By Alexandra Kurland
There is an aspect of repetition that I think many people miss and which very much needs pointing out. When a trainer such as John Lyons talks about repetition, he is not visualizing an assembly line where exact replicas of the behavior are churned out time after time. Instead, he sees a system where one element of a behavior is focused on for an extended period of time, and in doing so the entire behavior evolves and becomes much more complex.
Someone mentioned head lowering, so lets take that as an example. Under saddle you can teach your horse to lower his head by taking all the slack out of one rein, and releasing it the instant the horse even THINKS about dropping his head. If you are starting out with a very high headed, stiff backed horse repeating this request more than once makes perfect sense. It will take more than one pick up and release of the rein to get that horse's head down out of the rafters. So, most people would have no problem repeating this exercise as many times as it takes to get the horse to relax enough to drop his head below the level of his withers. It would make sense to them, and they would be able to do it.
Here's how it works: The rider picks up the rein and takes the slack out. The horse initially resists against the rein because that's what all of his prior experience has taught him to do. Eventually, either by chance or deliberate action he will drop his head. This can be a matter of seconds, or in the beginning with some horses many minutes. The rider then releases the rein. The action of head lowering is reinforced by the release. It can be further reinforced by a click and a treat.
As the rider repeats the request for head lowering over and over again, she will begin to observe a number of changes. She will see that it takes less time for the horse to drop his head. His jaw will feel softer when she picks up the rein. His back will no longer feel as stiff and hollow. He'll feel more relaxed both mentally and physically. All of these changes are reinforcing to the rider and will encourage her to continue with the exercise. They are also reinforcing to the horse. He enjoys the feeling of softness and relaxation that comes with each release. Dropping his head is a much more comfortable and safe response for him than the high-headed, nervous state he began with. So, instead of the repetition being boring, it is very reinforcing to both the horse and the rider.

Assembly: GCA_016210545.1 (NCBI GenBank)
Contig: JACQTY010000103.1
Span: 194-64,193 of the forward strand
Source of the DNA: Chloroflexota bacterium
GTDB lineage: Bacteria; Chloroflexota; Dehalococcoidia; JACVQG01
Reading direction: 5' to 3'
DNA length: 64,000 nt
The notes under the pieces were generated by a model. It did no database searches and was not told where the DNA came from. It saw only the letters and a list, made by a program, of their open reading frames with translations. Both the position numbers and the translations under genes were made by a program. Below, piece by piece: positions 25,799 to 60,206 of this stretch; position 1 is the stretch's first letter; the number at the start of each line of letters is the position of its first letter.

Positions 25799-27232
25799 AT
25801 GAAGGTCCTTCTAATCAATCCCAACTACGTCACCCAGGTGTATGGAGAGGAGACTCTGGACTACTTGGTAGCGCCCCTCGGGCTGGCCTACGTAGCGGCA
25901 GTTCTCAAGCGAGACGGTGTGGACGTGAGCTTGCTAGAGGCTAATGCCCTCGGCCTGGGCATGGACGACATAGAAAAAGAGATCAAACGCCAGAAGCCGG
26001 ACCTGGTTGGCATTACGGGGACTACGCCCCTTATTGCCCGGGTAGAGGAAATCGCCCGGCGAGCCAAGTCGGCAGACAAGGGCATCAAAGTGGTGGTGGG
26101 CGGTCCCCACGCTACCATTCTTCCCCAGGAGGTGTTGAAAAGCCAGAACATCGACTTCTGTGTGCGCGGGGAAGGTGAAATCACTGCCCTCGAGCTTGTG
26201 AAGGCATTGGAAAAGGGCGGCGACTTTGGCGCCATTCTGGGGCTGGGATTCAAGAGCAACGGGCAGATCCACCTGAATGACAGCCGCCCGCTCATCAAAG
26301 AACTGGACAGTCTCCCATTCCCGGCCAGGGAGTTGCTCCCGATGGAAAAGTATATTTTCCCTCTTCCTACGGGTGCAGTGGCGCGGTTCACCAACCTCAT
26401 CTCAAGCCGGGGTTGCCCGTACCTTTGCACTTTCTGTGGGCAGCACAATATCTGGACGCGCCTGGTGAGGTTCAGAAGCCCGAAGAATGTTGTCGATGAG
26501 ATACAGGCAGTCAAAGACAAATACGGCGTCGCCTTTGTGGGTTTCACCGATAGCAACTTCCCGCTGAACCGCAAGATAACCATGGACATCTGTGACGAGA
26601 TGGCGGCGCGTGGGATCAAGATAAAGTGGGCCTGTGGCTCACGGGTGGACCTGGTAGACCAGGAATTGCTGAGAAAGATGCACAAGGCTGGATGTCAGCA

As the process continues the horse's head will drop lower and lower and stay down longer. Eventually, he'll be consistently leaving his nose down around his ankles. This is where most of us end the exercise. We think that our job is done, but really we're just beginning. And this is also where the confusion begins over the value of repetition. Lyons is right. Most of us don't stay with an exercise long enough to see what it can really do for us.
Again head lowering is the perfect example of that. We've used repetition to teach our horse to drop his head. By repeating our request over and over again, our horse is no longer staring up at the clouds. Instead he's walking quietly along with his nose down around his ankles, and we're feeling very satisfied with the result. For most of us we think it's time to move on to other things, but that's because we've only trained ourselves to notice and enjoy the gross changes in our horse. When you start with a stiff star-gazer, it's easy to observe the big changes that just took place. Now it's time to start noticing the smaller, more subtle, but often even more important changes.
I've learned to value repetition because I've experienced where it can take me. So, while most riders are going off to work on other things, I'm going to continue with my horse to work on the head lowering exercise. I'm going to pick up that rein and release it a couple of HUNDRED more times.
I can focus this attention all in one session, or I can spread it out over many weeks of training accumulating THOUSANDS of repetitions in the process. How long a session lasts depends very much on where my horse is in his training, but generally horses have much longer attention spans than their human handlers.
Is this boring? Not in the least. In fact, for me this is when riding becomes the most interesting. As I repeat this exercise, I'm going to feel some amazing changes in my horse's spine. I'm going to feel him release his back vertebrae by vertebrae. I'm going to feel him align his skeleton so that the twist he started with where his head joins his spine disappears. I'm going to feel his shoulders straighten and his hips align themselves so that he feels square and level underneath me. I'm going to feel him stretch even further until his nose is touching the ground. I'm going to feel his weight shift more onto his hindquarters. I'm going to feel his hindlegs reaching up more under his body, and I'm going to feel his back lift.